China's AI imperative

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Science  09 Feb 2018:
Vol. 359, Issue 6376, pp. 628-630
DOI: 10.1126/science.359.6376.628

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China is investing massively in artificial intelligence (AI), from chips to algorithms. Last summer, China's State Council issued an ambitious policy blueprint calling for the nation to become "the world's primary AI innovation center" by 2030, by which time, it forecast, the country's AI industry could be worth $150 billion. In one of the government's latest moves to catch up with the United States, China plans to build a $2.1 billion AI technology park in Beijing's western suburbs. But China's advantages in AI go beyond government commitment. Because of its sheer size, vibrant online commerce and social networks, and scant privacy protections, the country is awash in data, the lifeblood of AI's deep learning systems. The fierce global competition has an insidious downside: China and other nations are seeking to harness AI advances for enhanced surveillance and censorship, and for military purposes.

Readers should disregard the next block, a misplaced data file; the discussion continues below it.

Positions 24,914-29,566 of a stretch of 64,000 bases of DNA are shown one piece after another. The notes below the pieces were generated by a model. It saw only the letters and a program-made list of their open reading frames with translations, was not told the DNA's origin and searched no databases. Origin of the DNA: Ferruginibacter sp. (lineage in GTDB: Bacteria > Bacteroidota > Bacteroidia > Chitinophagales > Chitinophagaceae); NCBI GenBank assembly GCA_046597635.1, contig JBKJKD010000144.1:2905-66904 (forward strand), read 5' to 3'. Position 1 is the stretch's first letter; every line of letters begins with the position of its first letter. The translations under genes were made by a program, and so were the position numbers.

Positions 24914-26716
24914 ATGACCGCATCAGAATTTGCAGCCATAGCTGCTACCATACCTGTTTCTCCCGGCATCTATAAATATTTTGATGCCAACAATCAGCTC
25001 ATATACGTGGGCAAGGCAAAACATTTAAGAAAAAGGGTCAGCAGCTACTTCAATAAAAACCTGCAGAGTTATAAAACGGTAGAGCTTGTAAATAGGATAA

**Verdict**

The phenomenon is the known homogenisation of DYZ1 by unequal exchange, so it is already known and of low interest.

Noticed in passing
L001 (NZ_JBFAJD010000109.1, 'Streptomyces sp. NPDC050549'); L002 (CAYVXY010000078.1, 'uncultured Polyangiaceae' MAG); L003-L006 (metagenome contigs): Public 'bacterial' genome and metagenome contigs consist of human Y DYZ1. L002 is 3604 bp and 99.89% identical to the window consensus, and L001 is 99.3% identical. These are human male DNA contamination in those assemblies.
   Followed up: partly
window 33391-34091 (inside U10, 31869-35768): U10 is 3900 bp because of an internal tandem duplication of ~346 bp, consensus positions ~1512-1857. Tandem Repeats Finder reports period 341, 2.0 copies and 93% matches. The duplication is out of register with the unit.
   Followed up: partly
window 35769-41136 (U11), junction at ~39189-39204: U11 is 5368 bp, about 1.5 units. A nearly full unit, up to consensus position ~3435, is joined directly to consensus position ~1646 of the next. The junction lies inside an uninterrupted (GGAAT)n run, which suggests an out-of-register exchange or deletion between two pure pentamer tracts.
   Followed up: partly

• * Christina Larson is a freelance journalist in Beijing.

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